“Today I am a weeping willow tree. I've given myself permission
to weep all day long and tomorrow, too...”
by Patricia Flasch
Dear sweet listener,
In all the many times I've been in a grieving process after a death, I had this idea that grief had an expiration date. Certainly after a year, 5 years even 10 years, I would have suffered the loss, worked through the feelings and arrived on the other side of grief.
Since I believe we live in a 'mourning avoidance culture', what I felt, (that my grief continues in some way with every loss) was wrong. I think the people in my life
mostly wanted to make me 'feel better'. Perhaps the reason they want me to feel better, is so that they do not have to feel their own unprocessed grief. Within this idea of making me 'feel better' is a powerful judgment – “shut your grief down, it makes me feel uncomfortable!”
I learned, and perhaps we all learn, to be ashamed to feel what we feel. We learn to avoid people who are openly grieving, especially if they are weeping and we make comments like “this too shall pass”, or “I hope you feel better soon.” These comments tend to suggest that our grief should go underground and I believe this only intensifies the grief. This is also a part of the teachings of duality - “happy is good” and “sad is bad”. This really sets up self rejection when we are at our most vulnerable – living in loss and needing places to express it!
Though my father has been dead almost 60 years, there are still occasions when tears come and I miss him deeply. I miss the way he loved me and the way he would toss me in the air when he arrived home from work each day. I remember he once bought me red cowboy boots and I have no desire to squash this memory.
This memory is a holy experience. In my relationship with my sweet papa, no time has really passed – his heart and my heart remain very much connected and we have conversations sometimes; he from the other side, me here reaching to him!
I don't believe in closure and I am not looking for closure. I am looking for a way to remain connected; his spirit and mine. I am not FROZEN in grief-- I am letting grief walk alongside me as I go on living the most vital and passionate life I can. Grief flows through, then it passes and other life experiences call for my full attention and participation and I meet them with a truly open heart. Perhaps when we stay open to grief, we automatically stay open to the rest of life!
My beloved English, white golden retriever, Grace died about 10 years ago. She was my partner for 13 years and a love of my life. She is still my invisible service companion. Again, I have no desire to get over her or to reach closure, it's ok with me that she remain a part of me.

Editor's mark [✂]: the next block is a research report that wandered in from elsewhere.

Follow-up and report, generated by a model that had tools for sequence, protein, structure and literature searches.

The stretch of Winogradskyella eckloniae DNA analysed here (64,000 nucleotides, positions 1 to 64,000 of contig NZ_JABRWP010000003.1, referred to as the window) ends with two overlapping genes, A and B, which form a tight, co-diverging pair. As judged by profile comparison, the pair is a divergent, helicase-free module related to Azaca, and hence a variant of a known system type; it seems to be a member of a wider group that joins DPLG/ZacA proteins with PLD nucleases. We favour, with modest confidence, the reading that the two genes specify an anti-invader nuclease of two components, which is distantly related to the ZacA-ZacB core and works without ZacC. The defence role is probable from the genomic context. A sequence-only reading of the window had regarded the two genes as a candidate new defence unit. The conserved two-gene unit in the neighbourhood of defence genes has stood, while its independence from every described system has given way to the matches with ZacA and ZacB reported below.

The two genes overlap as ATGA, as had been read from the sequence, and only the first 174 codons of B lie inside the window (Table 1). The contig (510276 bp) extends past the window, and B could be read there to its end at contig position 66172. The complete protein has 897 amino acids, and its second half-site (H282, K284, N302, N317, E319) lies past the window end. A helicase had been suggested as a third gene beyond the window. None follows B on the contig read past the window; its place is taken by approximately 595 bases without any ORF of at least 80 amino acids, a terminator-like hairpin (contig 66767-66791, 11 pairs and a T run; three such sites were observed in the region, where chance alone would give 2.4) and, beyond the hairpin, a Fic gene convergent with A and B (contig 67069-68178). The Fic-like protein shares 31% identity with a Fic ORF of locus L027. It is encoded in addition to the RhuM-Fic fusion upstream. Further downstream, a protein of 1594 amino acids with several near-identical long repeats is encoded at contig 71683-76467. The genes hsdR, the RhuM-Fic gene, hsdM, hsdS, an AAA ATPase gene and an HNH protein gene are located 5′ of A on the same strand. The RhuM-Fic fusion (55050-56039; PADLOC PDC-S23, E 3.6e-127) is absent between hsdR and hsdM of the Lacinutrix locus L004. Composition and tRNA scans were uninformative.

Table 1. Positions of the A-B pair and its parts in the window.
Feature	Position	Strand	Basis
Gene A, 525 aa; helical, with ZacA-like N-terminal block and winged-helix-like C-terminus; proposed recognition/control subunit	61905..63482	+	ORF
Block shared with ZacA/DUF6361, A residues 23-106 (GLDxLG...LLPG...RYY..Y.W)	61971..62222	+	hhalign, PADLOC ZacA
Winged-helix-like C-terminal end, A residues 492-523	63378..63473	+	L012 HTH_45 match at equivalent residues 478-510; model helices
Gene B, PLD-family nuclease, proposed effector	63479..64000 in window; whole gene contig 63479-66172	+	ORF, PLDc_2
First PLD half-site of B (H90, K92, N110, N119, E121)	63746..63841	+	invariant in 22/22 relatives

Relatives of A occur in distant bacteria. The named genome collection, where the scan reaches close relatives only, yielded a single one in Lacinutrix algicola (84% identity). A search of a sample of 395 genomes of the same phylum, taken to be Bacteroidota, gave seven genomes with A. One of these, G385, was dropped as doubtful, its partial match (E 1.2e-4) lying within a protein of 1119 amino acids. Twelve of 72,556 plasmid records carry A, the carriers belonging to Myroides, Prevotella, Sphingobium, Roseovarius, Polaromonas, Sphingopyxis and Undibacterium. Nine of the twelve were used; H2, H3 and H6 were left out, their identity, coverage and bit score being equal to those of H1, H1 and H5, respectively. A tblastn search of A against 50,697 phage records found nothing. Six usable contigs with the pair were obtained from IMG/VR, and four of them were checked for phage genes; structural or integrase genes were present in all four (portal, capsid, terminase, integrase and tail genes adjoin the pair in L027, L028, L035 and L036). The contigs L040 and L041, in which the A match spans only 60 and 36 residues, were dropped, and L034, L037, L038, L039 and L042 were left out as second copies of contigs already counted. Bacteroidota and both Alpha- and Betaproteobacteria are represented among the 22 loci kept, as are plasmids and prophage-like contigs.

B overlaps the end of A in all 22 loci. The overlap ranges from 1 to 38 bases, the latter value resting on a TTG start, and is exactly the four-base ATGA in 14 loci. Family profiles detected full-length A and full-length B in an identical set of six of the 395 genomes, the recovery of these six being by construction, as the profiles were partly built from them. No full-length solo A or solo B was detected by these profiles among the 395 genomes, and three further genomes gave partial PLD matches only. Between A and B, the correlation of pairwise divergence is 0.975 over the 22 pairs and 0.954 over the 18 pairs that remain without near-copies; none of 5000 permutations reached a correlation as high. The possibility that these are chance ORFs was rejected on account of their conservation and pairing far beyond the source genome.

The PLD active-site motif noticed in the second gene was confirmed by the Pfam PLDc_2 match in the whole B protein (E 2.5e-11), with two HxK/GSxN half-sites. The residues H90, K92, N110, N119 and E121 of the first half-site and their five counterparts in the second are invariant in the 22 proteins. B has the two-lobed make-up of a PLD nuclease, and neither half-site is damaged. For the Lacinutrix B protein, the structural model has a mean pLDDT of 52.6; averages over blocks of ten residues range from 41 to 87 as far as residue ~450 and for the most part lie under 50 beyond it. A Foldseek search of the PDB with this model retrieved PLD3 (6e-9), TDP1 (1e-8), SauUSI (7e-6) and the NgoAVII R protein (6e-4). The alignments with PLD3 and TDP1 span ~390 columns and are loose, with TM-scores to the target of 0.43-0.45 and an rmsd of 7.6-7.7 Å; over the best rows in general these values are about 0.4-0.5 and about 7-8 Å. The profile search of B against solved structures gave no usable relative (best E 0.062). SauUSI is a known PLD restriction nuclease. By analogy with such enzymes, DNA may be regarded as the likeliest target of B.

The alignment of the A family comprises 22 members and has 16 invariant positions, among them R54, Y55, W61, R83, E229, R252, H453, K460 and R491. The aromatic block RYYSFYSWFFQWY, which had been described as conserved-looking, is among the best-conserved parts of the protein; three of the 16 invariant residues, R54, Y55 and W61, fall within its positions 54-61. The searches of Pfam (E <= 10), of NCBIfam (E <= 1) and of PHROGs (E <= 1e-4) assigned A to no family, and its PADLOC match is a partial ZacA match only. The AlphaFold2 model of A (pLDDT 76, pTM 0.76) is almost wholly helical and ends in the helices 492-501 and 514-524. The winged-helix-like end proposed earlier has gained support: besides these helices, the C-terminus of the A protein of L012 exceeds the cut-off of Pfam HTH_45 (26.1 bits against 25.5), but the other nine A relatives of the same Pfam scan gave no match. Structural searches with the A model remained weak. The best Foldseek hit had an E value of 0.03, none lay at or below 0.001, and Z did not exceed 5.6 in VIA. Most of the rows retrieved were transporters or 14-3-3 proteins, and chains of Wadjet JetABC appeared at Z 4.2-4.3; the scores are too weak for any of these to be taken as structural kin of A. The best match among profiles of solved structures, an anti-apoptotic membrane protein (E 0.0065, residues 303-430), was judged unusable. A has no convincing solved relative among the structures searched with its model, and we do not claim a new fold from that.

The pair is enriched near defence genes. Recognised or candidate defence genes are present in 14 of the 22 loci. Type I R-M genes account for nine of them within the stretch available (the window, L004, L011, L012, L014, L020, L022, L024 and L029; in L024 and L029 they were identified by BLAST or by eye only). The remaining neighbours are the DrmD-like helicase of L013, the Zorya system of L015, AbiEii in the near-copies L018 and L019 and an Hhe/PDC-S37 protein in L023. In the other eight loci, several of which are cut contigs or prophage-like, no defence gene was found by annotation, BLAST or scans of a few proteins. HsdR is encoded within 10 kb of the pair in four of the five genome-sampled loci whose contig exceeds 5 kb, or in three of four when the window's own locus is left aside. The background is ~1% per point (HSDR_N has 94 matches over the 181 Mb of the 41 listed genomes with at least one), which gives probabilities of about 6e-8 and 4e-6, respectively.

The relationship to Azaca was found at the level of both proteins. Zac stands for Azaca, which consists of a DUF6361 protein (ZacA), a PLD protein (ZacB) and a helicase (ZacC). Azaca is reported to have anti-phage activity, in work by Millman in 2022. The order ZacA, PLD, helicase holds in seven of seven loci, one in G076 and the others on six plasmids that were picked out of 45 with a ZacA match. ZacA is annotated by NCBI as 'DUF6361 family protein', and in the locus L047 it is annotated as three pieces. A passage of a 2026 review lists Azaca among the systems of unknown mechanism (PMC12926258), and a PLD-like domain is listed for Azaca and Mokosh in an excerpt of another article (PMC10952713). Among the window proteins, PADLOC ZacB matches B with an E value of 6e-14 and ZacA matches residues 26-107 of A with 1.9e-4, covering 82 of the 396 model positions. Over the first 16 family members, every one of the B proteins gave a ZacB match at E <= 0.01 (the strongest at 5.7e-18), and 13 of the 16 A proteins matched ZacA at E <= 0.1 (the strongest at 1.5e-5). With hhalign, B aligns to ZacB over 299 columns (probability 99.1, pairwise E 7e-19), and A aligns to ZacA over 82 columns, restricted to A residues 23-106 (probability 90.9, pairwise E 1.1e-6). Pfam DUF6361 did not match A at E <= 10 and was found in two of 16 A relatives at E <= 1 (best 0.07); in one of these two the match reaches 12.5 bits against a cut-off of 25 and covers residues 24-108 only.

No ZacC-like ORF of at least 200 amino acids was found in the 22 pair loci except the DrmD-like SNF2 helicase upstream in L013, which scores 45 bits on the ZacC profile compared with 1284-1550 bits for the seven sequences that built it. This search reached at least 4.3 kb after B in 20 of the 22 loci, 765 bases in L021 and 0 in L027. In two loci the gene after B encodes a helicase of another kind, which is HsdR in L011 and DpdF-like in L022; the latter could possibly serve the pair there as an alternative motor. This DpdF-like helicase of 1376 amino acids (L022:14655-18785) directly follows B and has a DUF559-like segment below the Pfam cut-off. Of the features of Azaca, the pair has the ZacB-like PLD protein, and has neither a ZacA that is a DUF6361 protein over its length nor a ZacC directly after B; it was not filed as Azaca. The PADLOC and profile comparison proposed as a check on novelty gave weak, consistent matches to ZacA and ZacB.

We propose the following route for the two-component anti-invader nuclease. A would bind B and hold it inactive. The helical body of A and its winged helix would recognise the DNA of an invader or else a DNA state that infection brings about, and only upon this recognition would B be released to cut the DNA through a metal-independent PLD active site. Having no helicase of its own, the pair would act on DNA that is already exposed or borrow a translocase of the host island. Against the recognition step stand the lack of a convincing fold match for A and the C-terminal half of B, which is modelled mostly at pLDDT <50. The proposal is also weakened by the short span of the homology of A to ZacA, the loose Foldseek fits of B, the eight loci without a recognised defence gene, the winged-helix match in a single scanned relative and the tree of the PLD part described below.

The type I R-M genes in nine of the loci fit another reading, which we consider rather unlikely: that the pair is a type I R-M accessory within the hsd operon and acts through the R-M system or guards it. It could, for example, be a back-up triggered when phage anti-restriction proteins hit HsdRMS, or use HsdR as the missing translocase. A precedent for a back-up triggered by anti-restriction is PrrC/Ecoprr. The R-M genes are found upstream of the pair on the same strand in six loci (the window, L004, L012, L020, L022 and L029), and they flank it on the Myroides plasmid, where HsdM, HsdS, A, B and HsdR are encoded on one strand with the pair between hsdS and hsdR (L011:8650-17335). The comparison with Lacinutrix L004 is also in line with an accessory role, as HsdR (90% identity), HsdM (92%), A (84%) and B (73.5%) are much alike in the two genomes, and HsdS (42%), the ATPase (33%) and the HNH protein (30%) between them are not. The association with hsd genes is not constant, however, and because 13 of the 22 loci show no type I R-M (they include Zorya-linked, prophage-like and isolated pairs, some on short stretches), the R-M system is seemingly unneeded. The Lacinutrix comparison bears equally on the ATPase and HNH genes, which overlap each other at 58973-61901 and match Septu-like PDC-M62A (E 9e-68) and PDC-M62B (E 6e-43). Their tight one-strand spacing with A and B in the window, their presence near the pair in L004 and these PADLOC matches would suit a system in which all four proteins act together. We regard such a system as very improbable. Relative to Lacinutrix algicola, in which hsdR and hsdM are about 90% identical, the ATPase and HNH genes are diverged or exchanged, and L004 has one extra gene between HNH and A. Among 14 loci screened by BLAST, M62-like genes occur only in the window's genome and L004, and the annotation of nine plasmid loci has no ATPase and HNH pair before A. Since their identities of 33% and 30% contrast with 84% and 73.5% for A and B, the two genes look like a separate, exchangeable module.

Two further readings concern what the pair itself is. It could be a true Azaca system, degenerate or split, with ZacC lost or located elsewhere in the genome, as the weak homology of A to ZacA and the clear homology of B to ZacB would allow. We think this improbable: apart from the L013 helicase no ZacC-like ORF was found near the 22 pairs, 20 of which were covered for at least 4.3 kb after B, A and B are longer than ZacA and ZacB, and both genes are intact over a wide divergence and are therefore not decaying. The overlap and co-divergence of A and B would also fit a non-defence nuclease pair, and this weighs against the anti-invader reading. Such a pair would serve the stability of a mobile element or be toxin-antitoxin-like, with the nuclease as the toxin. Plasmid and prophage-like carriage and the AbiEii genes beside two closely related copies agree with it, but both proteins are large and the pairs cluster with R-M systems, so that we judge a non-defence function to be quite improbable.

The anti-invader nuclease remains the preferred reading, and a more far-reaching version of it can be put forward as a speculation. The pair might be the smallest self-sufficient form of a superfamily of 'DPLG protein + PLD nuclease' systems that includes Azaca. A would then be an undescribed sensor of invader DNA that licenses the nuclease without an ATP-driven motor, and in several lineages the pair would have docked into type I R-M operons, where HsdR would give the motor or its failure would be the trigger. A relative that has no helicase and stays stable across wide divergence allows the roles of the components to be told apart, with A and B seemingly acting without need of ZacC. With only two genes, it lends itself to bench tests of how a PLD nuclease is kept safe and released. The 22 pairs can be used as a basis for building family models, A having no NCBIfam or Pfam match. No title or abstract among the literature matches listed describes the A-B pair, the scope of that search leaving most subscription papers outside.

Sometimes when I'm out for a hike in the mountains, and they have signs posted from animal sanctuaries for dogs available for adoption now, I look over the list very carefully to see if Grace might be there. I miss her body.
The way I love and care for the dogs in my life today is an honoring of Grace. She insists that I go on living and loving.
It's a huge relief to think we don't have to get over a death or loss; that there is no expiration date on grief. My beloved friend, Amba, tells me that we can be talking about Grace all the rest of my days.
I want to do my part to create a “grief acceptance culture.” I can do this by accepting, even cherishing, my own yearning for the ones I love. When the students who come into my life are grieving, I can genuinely encourage whatever ways they seem to be expressing their grief. I don't have to change the subject, unless they want to; I can help them see that they can make room in their hearts for their own sweet grief and every other feeling...
One of my favorite lines from Rumi's work is “this grief you cry out from, draws you towards union. Your pure sadness IS the secret cup.” This Rumi poem “The Love Dog poem” was actually the key element for the title I chose for my book, “Becoming a Love Dog.” (currently available on Amazon.com)
Bowing towards you in your grief,
by Patricia Flasch
Even though my life feels satisfying on the outside
There have been some gray clouds lurking in the background
It feels like trying to hold back a damn…
This morning the clouds burst
I’ve been surrendering to a lifetime of loneliness and grief
Triggered by my husband’s occasional travels…
Old memories pour on through
The day my dad died when I was 7
The chapped lips that wouldn’t go away
Showing up at high school when the doors opened at 5:30 am
The college years of wonderful grades and deep despair
The years of sexual promiscuity
The years sorting out litigation
The two broken marriages
The sometimes 80 hour work weeks
The incessant use of food or alcohol
All fueled by loneliness and a grief I was unable to feel…
Today, though, this very moment
I am a weeping willow tree
I’ve given myself permission to weep all day long, tomorrow, too…
So, go to a meeting, and weep
Pick up the dry cleaning and weep
Go to the bank and weep
See a sad movie and weep
Go to the old animal’s sanctuary, and weep
Just singing a sad song today…
It’s my privilege, my deepest honor to
Feel this loneliness, this grief
IT’S MY TICKET HOME…